As Michael Greve writes in The Upside-Down Constitution, “the constitutional provisions that suggest a federal authority to ‘commandeer’ private parties are few, institutionally cabined, and calculated to ensure the operation of the government’s own institutions (such as the armed forces and the jury system) — not, as under [Obamacare], to protect the profitability of private corporations.” That the writers of the Constitution authorized commandeering in such limited circumstances suggests that it regards commandeering in other circumstances as improper.
The Court followed very similar reasoning in Printz v. United States, a 1997 case. There the question was whether the federal government could order state officials to participate in a gun-regulation program. The Constitution explicitly authorizes the federal government to commandeer state governments only in limited, specified circumstances, which implies that other commands are improper. That’s what a five-justice majority of the Supreme Court — a majority, incidentally, that included Anthony Kennedy — held.
Agree or disagree with this case, there is nothing radical, hypocritical, or necessarily activist about it. Agreeing with it does not require the Court to overturn a single precedent. It does not commit it to undoing the New Deal from the bench. It does not prevent the government from doing a great many things to improve or “improve” the organization of health care.
Proponents of Obamacare have used that last fact against it. They suggest that a ban on commandeering would be an empty formalism: The government could get around it by simply taxing the population to provide health care, as in a British-style single-payer program. But they underestimate the ingenuity of the Constitution in limiting government. If Congress cannot keep the full cost of expensive legislation off budget by forcing individuals to cover some of it directly, it will be less likely to enact the legislation in the first place. The political fortunes of single-payer suggest this constitutional intuition is correct.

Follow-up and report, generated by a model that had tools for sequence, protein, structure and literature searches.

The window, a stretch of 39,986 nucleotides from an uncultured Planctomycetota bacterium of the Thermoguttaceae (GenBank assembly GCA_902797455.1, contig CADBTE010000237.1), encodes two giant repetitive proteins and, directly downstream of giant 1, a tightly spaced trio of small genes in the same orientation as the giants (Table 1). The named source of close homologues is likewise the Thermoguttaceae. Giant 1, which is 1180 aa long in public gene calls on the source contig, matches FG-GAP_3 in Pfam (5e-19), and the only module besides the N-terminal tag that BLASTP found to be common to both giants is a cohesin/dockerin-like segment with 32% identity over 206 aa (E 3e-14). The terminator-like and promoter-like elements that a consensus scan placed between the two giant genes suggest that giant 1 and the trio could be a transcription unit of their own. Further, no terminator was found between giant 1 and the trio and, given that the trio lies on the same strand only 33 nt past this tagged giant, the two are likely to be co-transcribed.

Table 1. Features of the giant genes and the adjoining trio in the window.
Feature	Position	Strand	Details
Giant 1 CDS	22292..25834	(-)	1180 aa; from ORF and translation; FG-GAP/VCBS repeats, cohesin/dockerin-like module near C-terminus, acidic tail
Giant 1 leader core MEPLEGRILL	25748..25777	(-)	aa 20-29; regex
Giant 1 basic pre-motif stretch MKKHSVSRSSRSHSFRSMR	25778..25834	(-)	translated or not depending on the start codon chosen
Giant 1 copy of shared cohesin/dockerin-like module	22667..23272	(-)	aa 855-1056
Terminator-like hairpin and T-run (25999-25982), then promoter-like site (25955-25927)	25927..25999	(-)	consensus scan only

As obtuse as President Obama’s commentary on the Obamacare case has been, he nonetheless deserves a defense on one point. Many conservatives and libertarians have claimed that his remarks were not just mistaken and ignorant but an inappropriate attempt to intimidate the Court. Many of the critics linked his recent comments with his 2010 State of the Union address, in which he denounced the Court’s Citizens United ruling. Obama received criticism then, too, for compromising the Court’s independence.
Obama’s attack on Citizens United was inaccurate (Justice Alito mouthed the words “not true” from the audience) and indecorous (the justices in attendance could hardly issue a press release in response). But there is no good reason to hold that presidents should refrain as a matter of principle from commenting on Court cases. If he believes the Court got Citizens United wrong and hopes that they change course, there’s nothing wrong with his saying so. There is nothing wrong with his trying to influence a pending case, either; that’s what the administration’s legal briefs in the Obamacare case were for, after all.
While conservatives should sometimes favor the Court’s setting aside of a law, they should resist a conception of its role that leaves it immune to criticism. They should not invest it with all the majesty of the Constitution; and they should not invest in the Court all their hopes for a return to constitutional government. The federal government has swollen far beyond its constitutional dimensions. But judicial enforcement of constitutional limits was not the primary reason we used to have a smaller government. If we return to a smaller government, it will not and should not primarily be the work of the courts.
— Ramesh Ponnuru is a senior editor at National Review. This article originally appeared in the April 30, 2011, issue of National Review.